When It Storms On Education: A Teacher’s View

Nothing signals a return to normal as taking our kids back to school after a hurricane. But, the truth is what happens between the time we all secure our homes and when our kids return to school (and even after return) often goes unseen. We forget teachers are parents too, and schools never really close.

It takes a huge village to get through a storm. But, what does that look like through the lens of a teacher? A principal? A parent? Or, a school board member? We asked these questions.

This is the second in a short-series on how storms affect education.

Today, middle school teacher Keisha Lopez shares what worries her, and how she’s planning to make up precious time in regaining academic normalcy.

Ms. Lopez, tell us about the last 2 weeks or you as an educator?

Aside from ensuring that my family and our belongings are well, I have been mentally and physically revamping lesson plans. I have a quarterly lesson plan or goals that I would like to accomplish. During and after the hurricane, I immediately began changing my plans. I’ve cut out and put in different learning strategies to get the results I am looking for. Will I need to re-vamp more? For sure! But at least I have a blue print.

What are you most worried about with getting back to school?

I am not particularly worried about getting the job done, but I am truly concerned that some students will be traumatized. Some may still be without the means to even complete homework. In order to get them learning immediately I will have to give them room to talk about their experiences in a supportive setting and then, hopefully, move on.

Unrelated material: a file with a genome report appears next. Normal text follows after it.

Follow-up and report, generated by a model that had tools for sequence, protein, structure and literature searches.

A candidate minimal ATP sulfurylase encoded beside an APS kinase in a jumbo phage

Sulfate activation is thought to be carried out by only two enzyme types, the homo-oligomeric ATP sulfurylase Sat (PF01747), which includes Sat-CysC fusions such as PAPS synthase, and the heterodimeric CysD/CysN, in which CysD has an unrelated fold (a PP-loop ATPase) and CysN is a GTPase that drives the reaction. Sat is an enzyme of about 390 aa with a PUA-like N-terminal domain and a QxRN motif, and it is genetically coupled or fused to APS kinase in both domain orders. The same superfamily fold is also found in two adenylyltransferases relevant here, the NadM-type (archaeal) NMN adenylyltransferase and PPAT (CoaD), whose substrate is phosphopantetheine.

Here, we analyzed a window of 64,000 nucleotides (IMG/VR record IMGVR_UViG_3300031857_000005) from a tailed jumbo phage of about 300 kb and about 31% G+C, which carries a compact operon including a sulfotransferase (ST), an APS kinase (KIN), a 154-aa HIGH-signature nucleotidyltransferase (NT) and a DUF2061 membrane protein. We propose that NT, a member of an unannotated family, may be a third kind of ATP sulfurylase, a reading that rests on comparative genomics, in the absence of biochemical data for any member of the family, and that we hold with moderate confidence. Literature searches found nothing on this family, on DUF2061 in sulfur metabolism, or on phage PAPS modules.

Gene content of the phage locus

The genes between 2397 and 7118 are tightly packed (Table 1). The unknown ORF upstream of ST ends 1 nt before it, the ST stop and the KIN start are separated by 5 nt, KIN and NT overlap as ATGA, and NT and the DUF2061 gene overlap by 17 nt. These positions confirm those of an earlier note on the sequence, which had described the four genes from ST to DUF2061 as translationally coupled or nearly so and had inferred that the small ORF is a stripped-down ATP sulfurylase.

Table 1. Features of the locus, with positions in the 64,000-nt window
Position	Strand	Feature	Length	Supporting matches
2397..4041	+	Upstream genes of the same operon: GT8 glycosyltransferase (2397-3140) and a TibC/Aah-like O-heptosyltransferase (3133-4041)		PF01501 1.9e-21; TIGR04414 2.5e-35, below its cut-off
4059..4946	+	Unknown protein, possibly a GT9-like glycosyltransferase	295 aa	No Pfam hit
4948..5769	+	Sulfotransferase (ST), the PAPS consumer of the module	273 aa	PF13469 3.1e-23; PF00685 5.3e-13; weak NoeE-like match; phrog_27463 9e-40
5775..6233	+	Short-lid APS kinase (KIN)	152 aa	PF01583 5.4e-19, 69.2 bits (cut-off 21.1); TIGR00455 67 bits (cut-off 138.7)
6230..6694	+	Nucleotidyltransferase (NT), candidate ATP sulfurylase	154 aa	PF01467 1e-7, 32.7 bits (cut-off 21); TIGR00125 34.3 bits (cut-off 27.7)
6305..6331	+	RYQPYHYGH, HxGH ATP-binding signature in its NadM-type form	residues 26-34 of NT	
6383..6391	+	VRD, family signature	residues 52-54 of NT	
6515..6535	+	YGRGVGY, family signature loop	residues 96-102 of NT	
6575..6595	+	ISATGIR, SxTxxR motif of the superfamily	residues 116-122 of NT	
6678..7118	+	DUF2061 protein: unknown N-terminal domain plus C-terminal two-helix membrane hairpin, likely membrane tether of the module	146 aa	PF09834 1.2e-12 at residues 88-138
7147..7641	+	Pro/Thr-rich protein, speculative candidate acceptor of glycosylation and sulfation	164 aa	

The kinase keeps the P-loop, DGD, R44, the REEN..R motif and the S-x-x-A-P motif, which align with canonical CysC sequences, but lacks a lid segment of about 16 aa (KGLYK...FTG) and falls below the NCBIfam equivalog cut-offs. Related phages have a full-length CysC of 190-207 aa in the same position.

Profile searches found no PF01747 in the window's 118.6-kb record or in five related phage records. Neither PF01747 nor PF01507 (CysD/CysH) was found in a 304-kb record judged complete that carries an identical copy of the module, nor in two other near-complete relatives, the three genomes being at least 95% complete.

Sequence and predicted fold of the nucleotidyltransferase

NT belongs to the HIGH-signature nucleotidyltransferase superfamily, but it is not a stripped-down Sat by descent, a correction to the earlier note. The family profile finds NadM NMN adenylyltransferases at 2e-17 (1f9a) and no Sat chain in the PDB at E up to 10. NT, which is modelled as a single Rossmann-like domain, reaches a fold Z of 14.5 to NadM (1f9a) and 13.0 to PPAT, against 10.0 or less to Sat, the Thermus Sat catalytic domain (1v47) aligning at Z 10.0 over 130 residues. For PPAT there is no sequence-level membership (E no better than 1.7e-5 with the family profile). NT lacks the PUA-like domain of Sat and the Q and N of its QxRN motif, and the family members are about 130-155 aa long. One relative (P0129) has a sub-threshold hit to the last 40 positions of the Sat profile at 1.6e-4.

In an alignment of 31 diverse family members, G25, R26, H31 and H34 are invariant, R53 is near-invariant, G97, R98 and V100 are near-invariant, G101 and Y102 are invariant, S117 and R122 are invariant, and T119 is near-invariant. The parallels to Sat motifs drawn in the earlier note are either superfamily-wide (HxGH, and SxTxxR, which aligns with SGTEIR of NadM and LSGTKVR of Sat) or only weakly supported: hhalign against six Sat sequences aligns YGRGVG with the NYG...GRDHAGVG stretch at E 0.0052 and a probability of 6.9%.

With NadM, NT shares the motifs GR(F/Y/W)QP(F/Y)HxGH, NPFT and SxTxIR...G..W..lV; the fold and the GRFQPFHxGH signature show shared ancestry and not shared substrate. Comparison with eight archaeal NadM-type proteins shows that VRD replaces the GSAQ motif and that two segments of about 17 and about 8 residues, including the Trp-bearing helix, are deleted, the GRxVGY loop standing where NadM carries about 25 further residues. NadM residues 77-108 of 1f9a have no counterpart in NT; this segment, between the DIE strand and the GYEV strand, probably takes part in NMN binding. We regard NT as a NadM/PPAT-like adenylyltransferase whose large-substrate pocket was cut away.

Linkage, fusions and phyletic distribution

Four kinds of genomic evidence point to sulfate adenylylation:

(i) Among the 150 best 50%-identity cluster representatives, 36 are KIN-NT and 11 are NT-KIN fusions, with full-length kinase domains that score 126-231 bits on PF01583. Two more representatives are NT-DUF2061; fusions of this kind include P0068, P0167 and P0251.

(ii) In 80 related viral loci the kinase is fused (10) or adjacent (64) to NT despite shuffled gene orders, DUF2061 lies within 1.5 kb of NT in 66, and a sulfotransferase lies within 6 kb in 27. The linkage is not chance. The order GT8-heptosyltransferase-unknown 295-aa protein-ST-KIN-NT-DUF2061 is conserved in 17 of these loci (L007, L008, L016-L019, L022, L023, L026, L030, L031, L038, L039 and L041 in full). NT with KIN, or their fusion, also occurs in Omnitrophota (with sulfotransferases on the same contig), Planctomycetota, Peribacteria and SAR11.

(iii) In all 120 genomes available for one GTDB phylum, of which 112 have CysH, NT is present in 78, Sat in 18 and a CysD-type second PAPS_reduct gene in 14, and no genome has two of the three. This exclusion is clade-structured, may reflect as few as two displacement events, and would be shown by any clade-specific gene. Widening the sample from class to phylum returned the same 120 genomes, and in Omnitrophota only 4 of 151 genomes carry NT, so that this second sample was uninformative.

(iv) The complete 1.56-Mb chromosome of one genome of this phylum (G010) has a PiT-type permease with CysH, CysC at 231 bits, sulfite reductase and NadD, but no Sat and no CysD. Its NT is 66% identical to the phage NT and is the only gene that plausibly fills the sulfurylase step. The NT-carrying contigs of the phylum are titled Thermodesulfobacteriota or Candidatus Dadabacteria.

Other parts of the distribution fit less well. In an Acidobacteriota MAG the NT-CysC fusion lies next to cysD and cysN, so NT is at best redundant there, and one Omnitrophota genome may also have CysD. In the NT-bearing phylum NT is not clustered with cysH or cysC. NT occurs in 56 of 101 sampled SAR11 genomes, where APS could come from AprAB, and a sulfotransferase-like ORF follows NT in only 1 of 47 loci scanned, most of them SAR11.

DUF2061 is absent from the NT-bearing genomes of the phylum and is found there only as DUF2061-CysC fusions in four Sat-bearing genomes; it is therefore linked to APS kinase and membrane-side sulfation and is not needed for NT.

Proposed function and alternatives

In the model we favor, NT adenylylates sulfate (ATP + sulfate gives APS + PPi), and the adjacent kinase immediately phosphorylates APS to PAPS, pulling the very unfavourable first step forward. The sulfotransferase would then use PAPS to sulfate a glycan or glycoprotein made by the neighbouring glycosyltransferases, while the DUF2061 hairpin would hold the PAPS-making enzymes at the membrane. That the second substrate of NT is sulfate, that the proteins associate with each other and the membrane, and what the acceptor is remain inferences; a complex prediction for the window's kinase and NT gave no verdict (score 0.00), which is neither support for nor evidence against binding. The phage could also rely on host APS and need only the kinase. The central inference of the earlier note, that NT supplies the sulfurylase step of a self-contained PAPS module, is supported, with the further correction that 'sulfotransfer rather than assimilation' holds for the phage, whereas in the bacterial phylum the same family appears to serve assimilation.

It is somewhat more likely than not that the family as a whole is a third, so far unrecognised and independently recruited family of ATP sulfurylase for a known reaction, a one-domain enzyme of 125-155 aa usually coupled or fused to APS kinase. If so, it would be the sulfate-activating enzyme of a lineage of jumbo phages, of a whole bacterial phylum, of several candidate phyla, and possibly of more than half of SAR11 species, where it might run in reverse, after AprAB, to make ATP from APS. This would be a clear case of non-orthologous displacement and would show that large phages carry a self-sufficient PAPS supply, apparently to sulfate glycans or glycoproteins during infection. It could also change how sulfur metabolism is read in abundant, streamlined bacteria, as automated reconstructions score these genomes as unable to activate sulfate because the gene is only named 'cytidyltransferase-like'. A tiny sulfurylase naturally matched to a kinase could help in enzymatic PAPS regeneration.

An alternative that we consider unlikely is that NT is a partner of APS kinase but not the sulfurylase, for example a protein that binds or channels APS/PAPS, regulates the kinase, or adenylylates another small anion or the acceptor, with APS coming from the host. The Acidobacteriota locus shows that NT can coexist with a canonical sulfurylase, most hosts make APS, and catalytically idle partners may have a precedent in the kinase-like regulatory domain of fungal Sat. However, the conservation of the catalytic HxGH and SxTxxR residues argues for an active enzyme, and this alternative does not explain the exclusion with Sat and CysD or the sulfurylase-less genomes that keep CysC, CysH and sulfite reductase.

Also, remember, students are a microcosm of the world. I am cognizant of the fact that some students with the capability may use this situation to avoid doing their work. Because of that, I have a contingency plan to still eek work out of students until they get back on track.

Are you worried about the loss of class time?

This will not affect student competency or test outcomes of most students. Or, I should say I am not concerned about test outcomes at this point. Today is about the students and getting them back on track. This is just a hiccup in the process. We will all simply have to work harder. Kids are pretty resilient and this is where being a facilitator, a motivator and a cheer leader really comes into play.

Students already know the fundamentals. In each grade level we will build on what they already know. We have to find ways to encourage students to reach their maximum potential after setbacks like this. This is life, unfortunately. And, I know that once students believe that you believe in them, they will try no matter what. This is all we can ask for. Now if we have another traumatic catastrophe, then that’s another story.

What will be difficult for you? How will you compensate?

It will be difficult at first to get all students back on track. It will be like the first few weeks of school all over again. Some students will show up, others won’t. Those who return late will miss fundamental instruction, and I will have to find ways to give them the fundamental instruction while ensuring they don’t fall further behind.

My plan is to have lunch tutorials. Students who are behind due to absence, or just not grasping the classwork, will have a working lunch with me until we are confident that they are where they need to be. I cannot depending on them to catch up at home as there is no way for me to verify their households are in working order. But, coming during lunch is voluntary and it will help, if parents agree to it. If not, I will find another way doing cross-curricular work to get all students back on track.

What do you think?


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